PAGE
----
SIGGRAPH 1995: Digital Gallery


Art Show Administrator(s):


Los Angeles, California


August 6th-11th, 1995


Welcome to the SIGGRAPH 95 Art Gallery

This year, the Art Gallery presents work in a wide variety of art forms. Artists throughout the world are working with computers to produce both objects and environments for us to experience. At SIGGRAPH 95, artists from 13 countries display a broad range of work, from framed wall pieces to installations and interactive environments. New features this year include both traditional artist’s books and electronic artist’s books, which allow computer-mediated inter­action with the content and the presentation. The SIGGRAPH 95 Art Gallery also features the new field of digital illustration and postal art from all over the world, mounted together in frames to show the range of images that are now being created and passed through the mail. The presence of SIGGRAPH 95 and the SIGGRAPH Art Gallery in Los Angeles has created the opportunity for many galleries in the Los Angeles area to host special exhibitions of electronic art. A list of these gallery events is included in the SIGGRAPH 95 Program and Buyer’s Guide.

Committee Members:

Additional Information:

I have been teaching art and practicing art for almost 30 years. I love the inquiry, exploration, invention, and transfor-mation in the processes involved in the forming of art. In a word or two, it is the “total experience” that leads to the thing we call art. Please look at the SIGGRAPH 95 Art Gallery in this light. Imagine the inquiry and experience that was involved in producing what you see and what you experience. Read these two essays with the idea that behind the art is an experience and idea that we hope to understand.

James Faure Walker of London has written a very fine personal view of a painter and teacher trying to bridge the gap between painting and the computer. He has taken ideas from his experiences in both forms and presents them for us to consider. It so happens that his work was also selected for the Art Gallery and so you can see, first-hand, his art work on display.

Starla Stensaas, who teaches at Dana College in Nebraska, has written an excellent theoretical essay discussing the shift in thinking from oral and print forms into the electronic digital culture of today. Starla, an artist working in this area between print culture and digital culture, is also represented by her artist’s books in the SIGGRAPH 95 Art Gallery.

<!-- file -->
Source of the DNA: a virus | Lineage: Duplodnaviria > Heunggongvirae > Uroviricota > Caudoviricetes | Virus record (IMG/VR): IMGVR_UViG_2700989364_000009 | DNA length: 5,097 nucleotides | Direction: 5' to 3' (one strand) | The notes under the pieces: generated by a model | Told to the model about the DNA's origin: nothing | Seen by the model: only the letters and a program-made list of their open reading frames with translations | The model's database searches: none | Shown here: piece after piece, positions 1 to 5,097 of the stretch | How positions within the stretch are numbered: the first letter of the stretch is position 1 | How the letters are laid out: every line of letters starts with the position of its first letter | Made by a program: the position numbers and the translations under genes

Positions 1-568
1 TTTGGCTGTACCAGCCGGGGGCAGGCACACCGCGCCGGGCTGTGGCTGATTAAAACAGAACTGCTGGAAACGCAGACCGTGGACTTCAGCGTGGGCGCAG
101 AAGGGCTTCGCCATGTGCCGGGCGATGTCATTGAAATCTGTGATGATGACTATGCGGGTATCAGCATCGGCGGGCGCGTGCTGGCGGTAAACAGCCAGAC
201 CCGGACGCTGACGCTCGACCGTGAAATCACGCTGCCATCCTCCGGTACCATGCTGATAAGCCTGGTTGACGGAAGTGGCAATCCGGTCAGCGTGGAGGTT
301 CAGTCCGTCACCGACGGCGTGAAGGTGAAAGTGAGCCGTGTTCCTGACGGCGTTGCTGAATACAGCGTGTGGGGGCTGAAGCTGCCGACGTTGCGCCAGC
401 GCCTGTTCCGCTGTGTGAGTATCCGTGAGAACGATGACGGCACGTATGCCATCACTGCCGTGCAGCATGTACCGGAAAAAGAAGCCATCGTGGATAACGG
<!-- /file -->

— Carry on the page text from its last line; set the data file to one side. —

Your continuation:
Ken O’Connell
Art Gallery Chair

Exhibition Artworks:

Exhibition Writings and Presentations:

    Title: The Transformed And Transforming Image In The Shift From Print To Digital Culture
    Writing Type: Essay
    Abstract Summary:

    This paper investigates issues germane to “reading” images in a digital medium by consid­ering both visual language as it is constrained by hardware and software, and visual cul­ture as it is changed by a medium that pushes us towards a thought idiom that embodies multiplicity and simultaneity.

    Title: Teaching Cyber Art, Or How A Painter Copes With Computers In London
    Writing Type: Paper
    Abstract Summary:

    Walking back from my paint­ing studio on a summer evening, looking up at the electronic flicker of TVs, I do wonder … how can a painting do anything in a living room? Does the future lie in the hands of the cyber artist? Hold on. I am a painter, and I use com­puters, and that combination makes a lot of sense, though nowhere in England can you study – or teach – the two together. Computer work is a different kind of art because it’s cyber-this or cyber-that? Oh. Even when it’s flavor-free? At ISEA 5 in Helsinki I wan­dered out of the interactive show and got absorbed in the early 20th Century Finnish painting next door, self por­traits in log cabins, a solitary fir tree losing its snow. Spring. I resolve to give my work more of a lived-in texture, make it connect with what I saw, give it a temperature, make it more reflective.